Moderates Still Overwhelmingly Favor Democrats

Jeff Alworth

Public Policy Polling (PPP) released some very interesting findings on Friday. It is another of those data points that tells us that these midterms may not be like all the rest. Behold:

Barack Obama defeated John McCain 60-39 with self described moderates, according to the national exit poll. Our last national generic ballot poll found Democrats ahead 58-28, showing no improvement whatsoever.

What gives? It's the turnout, stupid. Conservative voters are highly engaged, but some of those on the left and many of those in the middle are not. So among a boiled-down electorate, the conservatives exert outsized influence. But as PPP goes on to note, this dynamic should disabuse folks (particularly, it would please me, in the punditocracy) of the belief that America has suddenly become more conservative. As PPP notes:

That's the reason why this year's Republican resurgence may prove to be short lived and why much of what the party gains this year could be lost again in 2012. The formula they're using for victory this year--fire up the base, forget the moderates--may work for a midterm election but it's not likely to be particularly sustainable in a Presidential year.

(Especially if they use this moment to elect extreme radicals, which they appear bent on doing.) Two takeaways: 1) Dems could actually fare far better than expected this year if they have a successful get-out-the-vote effort, and 2) whatever gains the GOP do win are not necessarily predictive of political momentum.

Comments

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    I think the best thing BO can do is to continue to highlight the raging insanity of many on the right. It has been a given that the far right was mostly loony, but now they have moved all the way to crazy town.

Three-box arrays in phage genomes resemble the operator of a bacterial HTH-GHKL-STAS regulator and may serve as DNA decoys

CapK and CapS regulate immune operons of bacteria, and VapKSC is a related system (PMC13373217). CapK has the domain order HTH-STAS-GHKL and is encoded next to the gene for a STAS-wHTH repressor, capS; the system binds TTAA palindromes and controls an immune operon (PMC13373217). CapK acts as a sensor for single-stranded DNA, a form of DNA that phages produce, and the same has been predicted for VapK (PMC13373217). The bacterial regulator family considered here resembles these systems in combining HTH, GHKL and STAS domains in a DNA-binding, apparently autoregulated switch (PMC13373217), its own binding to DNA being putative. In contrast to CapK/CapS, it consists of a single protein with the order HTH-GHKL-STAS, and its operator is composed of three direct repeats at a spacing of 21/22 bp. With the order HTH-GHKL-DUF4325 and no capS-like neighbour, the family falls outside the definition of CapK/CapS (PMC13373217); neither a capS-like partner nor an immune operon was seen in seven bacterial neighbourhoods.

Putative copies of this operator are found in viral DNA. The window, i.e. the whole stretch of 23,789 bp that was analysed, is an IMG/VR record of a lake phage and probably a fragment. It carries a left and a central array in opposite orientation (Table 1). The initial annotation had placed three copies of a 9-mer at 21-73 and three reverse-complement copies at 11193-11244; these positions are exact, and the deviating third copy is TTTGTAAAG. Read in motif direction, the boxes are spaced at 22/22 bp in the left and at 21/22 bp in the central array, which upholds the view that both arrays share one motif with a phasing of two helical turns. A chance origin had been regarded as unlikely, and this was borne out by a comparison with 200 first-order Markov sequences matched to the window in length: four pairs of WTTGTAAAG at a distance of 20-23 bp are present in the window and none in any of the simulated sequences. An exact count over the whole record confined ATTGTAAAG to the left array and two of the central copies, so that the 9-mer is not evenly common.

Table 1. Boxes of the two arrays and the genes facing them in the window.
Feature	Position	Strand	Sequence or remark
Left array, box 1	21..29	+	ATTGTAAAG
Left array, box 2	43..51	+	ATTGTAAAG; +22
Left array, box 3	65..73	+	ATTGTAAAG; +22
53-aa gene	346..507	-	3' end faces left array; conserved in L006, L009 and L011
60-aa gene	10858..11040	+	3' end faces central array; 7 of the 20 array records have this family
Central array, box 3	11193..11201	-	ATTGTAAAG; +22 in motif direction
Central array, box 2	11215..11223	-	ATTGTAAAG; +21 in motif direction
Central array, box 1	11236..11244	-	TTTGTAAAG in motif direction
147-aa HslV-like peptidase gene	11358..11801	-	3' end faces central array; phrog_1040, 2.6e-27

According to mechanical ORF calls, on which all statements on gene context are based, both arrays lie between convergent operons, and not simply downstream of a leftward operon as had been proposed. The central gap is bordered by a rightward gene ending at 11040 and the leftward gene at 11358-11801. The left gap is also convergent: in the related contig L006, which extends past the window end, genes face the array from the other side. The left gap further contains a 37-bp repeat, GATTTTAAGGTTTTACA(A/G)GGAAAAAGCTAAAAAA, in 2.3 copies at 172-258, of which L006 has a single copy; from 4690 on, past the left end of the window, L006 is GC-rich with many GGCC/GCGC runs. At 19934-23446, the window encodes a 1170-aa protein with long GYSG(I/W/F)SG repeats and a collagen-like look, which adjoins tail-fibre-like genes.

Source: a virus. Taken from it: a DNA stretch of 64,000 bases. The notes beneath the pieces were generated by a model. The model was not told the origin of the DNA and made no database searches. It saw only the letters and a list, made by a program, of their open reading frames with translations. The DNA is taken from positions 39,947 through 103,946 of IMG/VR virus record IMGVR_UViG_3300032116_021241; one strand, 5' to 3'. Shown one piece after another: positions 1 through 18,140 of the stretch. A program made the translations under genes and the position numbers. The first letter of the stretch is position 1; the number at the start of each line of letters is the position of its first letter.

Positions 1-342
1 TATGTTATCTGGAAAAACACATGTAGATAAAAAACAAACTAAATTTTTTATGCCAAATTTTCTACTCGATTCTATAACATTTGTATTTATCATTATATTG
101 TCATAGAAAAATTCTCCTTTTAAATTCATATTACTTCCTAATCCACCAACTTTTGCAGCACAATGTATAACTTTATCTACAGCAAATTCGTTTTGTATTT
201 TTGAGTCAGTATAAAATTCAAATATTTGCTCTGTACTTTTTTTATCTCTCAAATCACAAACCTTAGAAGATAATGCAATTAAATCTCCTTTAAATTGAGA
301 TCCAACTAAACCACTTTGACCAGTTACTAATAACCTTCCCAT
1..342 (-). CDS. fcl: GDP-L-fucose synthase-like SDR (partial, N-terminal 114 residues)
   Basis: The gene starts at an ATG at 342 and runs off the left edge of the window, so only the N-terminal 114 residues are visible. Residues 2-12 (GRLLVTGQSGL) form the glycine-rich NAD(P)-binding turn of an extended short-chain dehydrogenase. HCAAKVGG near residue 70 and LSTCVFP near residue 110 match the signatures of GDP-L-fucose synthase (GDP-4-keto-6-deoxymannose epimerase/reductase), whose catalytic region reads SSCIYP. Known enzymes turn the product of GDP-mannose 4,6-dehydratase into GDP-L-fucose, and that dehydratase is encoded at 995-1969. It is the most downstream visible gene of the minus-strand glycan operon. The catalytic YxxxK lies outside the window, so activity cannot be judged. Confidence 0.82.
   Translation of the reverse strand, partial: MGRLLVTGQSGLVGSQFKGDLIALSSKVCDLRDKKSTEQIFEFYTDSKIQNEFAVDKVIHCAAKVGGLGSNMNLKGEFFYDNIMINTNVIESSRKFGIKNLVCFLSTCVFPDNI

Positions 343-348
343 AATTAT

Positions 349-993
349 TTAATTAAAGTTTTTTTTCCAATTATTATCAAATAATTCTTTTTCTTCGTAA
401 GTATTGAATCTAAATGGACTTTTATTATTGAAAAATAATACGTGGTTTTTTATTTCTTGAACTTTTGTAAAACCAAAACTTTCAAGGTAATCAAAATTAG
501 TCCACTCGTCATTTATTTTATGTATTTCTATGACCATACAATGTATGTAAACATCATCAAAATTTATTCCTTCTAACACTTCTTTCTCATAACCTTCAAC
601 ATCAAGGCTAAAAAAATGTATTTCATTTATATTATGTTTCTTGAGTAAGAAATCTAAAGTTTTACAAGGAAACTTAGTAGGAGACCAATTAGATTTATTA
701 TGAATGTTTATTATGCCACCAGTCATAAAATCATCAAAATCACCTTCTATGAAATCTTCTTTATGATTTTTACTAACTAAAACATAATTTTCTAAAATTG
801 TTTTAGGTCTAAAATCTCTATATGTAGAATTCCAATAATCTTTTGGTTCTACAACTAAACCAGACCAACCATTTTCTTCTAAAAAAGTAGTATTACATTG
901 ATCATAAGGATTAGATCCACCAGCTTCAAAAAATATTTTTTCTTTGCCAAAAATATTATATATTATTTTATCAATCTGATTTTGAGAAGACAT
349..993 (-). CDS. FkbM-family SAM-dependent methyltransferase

Personally, I think the worst thing that could happen to the GOP is to gain control of the house. I think the last thing they want is to have any accountability for what is/isn't happening in DC. It is much easier for them to stay out of the crosshairs of the the public outrage and continue to obstruct everything Obama tries to do. Not good for the country, but good for them.

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      One of those few times I find favor with your analysis. It is so much easier to be a rock thrower than to actually govern.

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      Weird. Last time I checked, MP, you were all annoyed that we were constantly pointing out the failings on the other side, instead of sharing why we're for our guys.

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      the further to the right the GOP in OR went, the more it undid itself. suddenly, they run a moderate candidate similar to the kind they use to have, and they're in the hunt. of course, $8million doesn't hurt, but extremists only prosper when moderates sit out. if the Dems succeed with govt, which means getting moderates to actually vote, the Republicans will wonder why they didn't get their landslide.

      you are spot-on on this, Michael. so all i can say is: C'mon Rs, nominate the flamethrowers!

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    However, GOP congressional gains would seem likely to predict worse gridlock than ever, which would leave the question open as to who gets the blame for 2011-12 continued stagnation.